Oprah: Nice to talk to you after so many years. I have to tell you, I've been anxiously waiting for a new novel.
Janet: Yeah, it's about time. Lots of life intervened, and it took a while to get this book up on its feet.
Oprah: Did your becoming a writer start with a love of reading?
Janet: Yes. My father was an engineer—he wasn't literary, not a writer or a journalist, but he was one of the world's great readers. Every two weeks, he'd take me to our local branch library and pull books off the shelf for me, stacking them up in my arms—"Have you read this? And this? And this?" He taught me to always take out the maximum number of books—I think it was 12—so in case there were books I didn't like, I'd always have something else to read. If I became a reader and then a writer, I can say that it was because of his love of books and his sharing that love. When you're a little kid, you are small, your life is small—and you're terrifically aware of that. But when you read, you can ride Arabian horses across the desert, you can be a dogsledder.
Oprah: Didn't you write your first story when you were 9?
Janet: I did. The story combined my favorite authors: Marguerite Henry, who wrote horse stories, and Edgar Allan Poe. My story was called "Diamond: Horse of Mystery." I wanted so badly for my teachers to like me, and none of them did. Not until years later did I understand my problem.
Oprah: Which was what?
Janet: I needed a lot of attention. I was in a public school, in a class of 40 students. I thought I could get the teacher's attention by showing her the story, but all she did was take a red pen and mark all over it, correcting the spelling, grammar, and punctuation. She didn't say a thing about the story itself. I didn't write again until I was 21.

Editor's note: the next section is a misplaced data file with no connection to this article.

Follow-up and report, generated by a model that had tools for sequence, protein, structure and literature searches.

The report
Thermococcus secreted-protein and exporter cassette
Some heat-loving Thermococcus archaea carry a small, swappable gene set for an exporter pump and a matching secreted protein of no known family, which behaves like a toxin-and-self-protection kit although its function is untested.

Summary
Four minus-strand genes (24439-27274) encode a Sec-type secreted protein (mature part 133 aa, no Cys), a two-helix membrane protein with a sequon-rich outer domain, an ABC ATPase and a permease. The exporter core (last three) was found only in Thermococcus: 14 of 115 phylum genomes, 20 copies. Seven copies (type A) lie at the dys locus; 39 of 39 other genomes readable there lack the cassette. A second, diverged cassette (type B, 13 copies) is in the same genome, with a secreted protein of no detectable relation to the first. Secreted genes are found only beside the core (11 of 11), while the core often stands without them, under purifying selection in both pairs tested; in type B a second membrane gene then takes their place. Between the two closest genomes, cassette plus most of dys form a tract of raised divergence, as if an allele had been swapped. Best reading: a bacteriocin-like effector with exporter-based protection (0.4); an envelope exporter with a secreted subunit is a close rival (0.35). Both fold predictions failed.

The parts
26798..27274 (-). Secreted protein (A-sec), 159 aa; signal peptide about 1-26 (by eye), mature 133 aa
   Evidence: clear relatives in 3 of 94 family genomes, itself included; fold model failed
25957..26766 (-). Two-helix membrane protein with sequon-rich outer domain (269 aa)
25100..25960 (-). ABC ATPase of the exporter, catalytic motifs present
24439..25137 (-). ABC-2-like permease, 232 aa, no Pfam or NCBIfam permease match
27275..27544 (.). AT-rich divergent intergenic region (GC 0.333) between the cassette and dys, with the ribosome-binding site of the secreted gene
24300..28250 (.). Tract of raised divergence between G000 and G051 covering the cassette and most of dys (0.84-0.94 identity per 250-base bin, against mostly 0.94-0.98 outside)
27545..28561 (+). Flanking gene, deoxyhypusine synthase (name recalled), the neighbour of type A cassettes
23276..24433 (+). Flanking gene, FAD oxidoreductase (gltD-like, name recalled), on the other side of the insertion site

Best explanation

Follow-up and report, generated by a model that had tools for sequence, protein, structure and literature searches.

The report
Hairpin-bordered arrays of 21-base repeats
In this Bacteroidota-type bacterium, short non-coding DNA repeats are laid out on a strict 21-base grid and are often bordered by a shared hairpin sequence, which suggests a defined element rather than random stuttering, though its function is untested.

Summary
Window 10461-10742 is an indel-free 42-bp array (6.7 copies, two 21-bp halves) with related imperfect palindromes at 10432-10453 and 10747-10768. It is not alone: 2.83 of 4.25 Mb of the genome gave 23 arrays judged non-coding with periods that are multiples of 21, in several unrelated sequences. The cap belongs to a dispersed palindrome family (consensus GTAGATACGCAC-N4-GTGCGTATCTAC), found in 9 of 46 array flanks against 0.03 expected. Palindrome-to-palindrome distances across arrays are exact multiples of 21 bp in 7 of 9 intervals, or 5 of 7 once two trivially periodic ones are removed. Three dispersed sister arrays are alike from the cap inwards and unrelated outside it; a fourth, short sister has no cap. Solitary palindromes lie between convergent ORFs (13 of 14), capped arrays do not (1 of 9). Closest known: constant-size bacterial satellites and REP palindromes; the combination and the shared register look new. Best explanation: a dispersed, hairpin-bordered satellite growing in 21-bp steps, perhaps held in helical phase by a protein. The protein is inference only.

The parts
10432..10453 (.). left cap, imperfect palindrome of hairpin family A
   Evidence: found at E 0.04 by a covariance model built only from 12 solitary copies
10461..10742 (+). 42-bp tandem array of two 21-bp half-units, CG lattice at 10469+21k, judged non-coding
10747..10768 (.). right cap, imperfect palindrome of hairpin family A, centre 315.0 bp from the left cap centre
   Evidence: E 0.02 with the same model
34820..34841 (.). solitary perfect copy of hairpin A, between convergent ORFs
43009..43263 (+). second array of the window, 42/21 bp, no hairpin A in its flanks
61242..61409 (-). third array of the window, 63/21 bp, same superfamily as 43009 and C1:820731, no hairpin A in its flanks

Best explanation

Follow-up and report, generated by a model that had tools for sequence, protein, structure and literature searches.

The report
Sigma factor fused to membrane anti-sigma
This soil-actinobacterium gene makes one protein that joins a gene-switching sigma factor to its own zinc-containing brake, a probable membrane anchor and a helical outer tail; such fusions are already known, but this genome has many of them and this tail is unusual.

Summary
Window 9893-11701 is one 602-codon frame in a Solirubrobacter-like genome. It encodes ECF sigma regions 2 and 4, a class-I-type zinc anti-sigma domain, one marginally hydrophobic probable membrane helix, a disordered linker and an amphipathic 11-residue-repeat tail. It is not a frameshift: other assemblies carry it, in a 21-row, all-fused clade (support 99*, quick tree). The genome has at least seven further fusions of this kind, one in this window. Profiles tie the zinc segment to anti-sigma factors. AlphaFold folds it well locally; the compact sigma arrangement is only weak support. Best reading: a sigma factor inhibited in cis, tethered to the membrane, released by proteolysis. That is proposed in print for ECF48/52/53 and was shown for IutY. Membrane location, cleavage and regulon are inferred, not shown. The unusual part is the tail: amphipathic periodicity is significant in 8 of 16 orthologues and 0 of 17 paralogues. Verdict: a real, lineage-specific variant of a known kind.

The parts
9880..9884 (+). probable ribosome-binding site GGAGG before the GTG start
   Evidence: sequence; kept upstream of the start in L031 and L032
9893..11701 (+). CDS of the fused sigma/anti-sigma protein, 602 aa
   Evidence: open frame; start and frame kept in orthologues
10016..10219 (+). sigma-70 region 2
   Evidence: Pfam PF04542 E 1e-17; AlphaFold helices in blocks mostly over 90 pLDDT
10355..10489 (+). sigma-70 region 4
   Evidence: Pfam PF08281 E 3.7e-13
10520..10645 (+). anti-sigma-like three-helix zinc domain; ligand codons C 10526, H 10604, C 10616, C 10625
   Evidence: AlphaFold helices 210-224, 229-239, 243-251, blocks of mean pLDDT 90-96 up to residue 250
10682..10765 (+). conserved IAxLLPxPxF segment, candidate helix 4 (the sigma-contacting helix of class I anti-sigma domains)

Oprah: I think of writers as rock stars. There's something divine about being able to use the written word to communicate in a way that's translatable through the ages. You've said that while you could always tell stories, you had to learn the craft of writing.
Janet: Yes. I kept sending out stories and getting rejected. I once sent a story to the Santa Monica Review. In his rejection letter, the editor wrote: "Good enough story—but what's unique about your sentences?" I had not taken writing classes. As an undergraduate, I had not studied literature—I was a history major. So I was on my own, and I could not figure out what this editor was talking about. I had to work on word choices, the music of language. I hadn't realized that writing would be so hard.